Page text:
Through the first four miles, my pace averaged 11:00 per mile. That pace felt nice and relaxed. Then I started to notice soreness in my right leg. Over the next few miles, I was forced to slow down, as I tried to find a stride that wouldn’t bother my leg.
Before leaving downtown, we ran through the campus of St. Jude Children’s Research Hospital. St. Jude is a cancer hospital for children. The patients here receive cutting edge treatments, but there’s no cost to their families. The hospital is funded entirely by donations, and this race is a fundraiser. As we ran through the hospital grounds, we were cheered by cancer patients and their families. This is always the most emotional part of the race.
Some runners were running in honor of current or former cancer patients. The most inspirational story I heard was from a man whose daughter is a cancer survivor. She was once a St. Jude patient. Now she’s cancer-free and works at St. Jude as a nurse.
The course this year was different than the other two times I did this race. The start and finish were similar, but once we left downtown, I was less sure of where I was. Somewhere between nine and ten miles, I saw Scot. I didn’t know what pace he would be running or which corral he started in, so I didn’t expect to see him during the race.
After that, I ran with Scot for the rest of the race. At first, it was a bit awkward. Scot alternates running and walking. He also sometime stops to take a picture or say something encouraging to a random stranger. When we were running, his pace was sometimes uncomfortable for me. I eventually learned to run my own pace. We weren’t always running stride for stride, but we were never far apart.
By the second half of the race, it was getting warmer. Scot was getting hot, so he did more walking. After that, it was easier to stay together. At times, though, I was running slowly while he was walking quickly.
As it got warmer, I was glad I opted to wear a short-sleeved shirt with arm warmers instead of a long-sleeved shirt. I was starting to get hot, but after removing the arm warmers, I felt comfortable.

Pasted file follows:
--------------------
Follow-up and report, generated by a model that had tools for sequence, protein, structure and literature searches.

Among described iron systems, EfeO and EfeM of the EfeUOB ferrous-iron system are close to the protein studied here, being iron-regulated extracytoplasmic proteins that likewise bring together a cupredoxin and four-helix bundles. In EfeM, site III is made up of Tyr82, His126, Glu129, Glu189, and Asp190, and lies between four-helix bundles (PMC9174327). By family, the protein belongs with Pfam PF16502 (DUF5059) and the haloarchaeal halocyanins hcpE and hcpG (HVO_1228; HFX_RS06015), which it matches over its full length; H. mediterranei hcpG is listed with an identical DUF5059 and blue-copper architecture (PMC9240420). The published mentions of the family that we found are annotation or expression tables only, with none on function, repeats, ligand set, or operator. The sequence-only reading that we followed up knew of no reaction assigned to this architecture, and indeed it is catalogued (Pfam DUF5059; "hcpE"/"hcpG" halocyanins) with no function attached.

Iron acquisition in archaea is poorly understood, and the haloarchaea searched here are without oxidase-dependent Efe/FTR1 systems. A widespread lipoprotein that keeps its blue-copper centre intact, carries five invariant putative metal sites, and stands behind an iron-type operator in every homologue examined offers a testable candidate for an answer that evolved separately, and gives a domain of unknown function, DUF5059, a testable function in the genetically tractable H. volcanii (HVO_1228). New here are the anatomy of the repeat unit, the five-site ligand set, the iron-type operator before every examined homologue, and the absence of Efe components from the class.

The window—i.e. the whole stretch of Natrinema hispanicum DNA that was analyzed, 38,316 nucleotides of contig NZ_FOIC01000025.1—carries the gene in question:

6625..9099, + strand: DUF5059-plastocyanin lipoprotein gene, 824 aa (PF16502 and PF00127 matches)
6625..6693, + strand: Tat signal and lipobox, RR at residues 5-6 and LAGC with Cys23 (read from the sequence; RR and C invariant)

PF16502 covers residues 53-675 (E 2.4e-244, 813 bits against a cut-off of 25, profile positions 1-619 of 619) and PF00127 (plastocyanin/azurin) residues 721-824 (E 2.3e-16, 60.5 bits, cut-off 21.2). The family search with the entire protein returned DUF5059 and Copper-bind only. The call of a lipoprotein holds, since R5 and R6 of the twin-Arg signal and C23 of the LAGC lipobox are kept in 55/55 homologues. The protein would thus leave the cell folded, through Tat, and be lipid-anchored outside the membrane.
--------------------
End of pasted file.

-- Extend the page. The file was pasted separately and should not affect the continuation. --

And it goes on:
Running marathons at a slower pace has been a difficult adjustment, but it hasn’t all been bad news. It’s given me opportunities to run with friends like Scot. We had lots of time to catch up and tell each other stories.
Somewhere around 20 miles, we met a runner named Debi, who was doing her first marathon. Debi was experiencing a painful cramp in her left leg. Scot told me to go ahead, while he stayed with Debi to help her recover. I walked until Scot caught up. Before long, Debi passed us. We saw her several times before the end of the race.
The new course had a lot of turns as we entered downtown. As the crow flies, we were only about a mile from the finish, but our route took about three miles. When we finally reached the last mile, I made a bathroom stop. As I emerged from the bathroom, Scot told me our friend Diane had just passed us. Diane was leading the 5:25 pace group, but started a few corrals behind me. We picked up our pace until we caught up, and the three of us stayed together until the finish.
The approach to AutoZone Park was also somewhat convoluted. Even after passing the 26 mile sign, we had to make a few more turns before entering the stadium. We all crossed the line within a few seconds. My time was 5:32:15.
AutoZone Park is a nice finish venue. Friends and family can watch the finish from the stadium seats, and the post-race food is set up near the outfield seats, where there are tables and chairs.
They were out of doughnuts by the time we finished, but they still had pizza, soup, beer, and a few other snacks. We met a few friends who had already finished, and found a table. While we were there, we kept meeting other runners who finished after us.
Eventually, I walked back to Doubletree to get cleaned up and put myself back together. By the time I was ready to go out, it was almost dinner time. My post-race meal of choice is usually pizza. Since I already had a few slices of pizza after the race, I went back to Beale Street for some Memphis barbeque, in another club with live blues music.
This was my 50th race of the year. The last 30 have all been with injuries. I have one more race. Then I’ll take a long overdue break.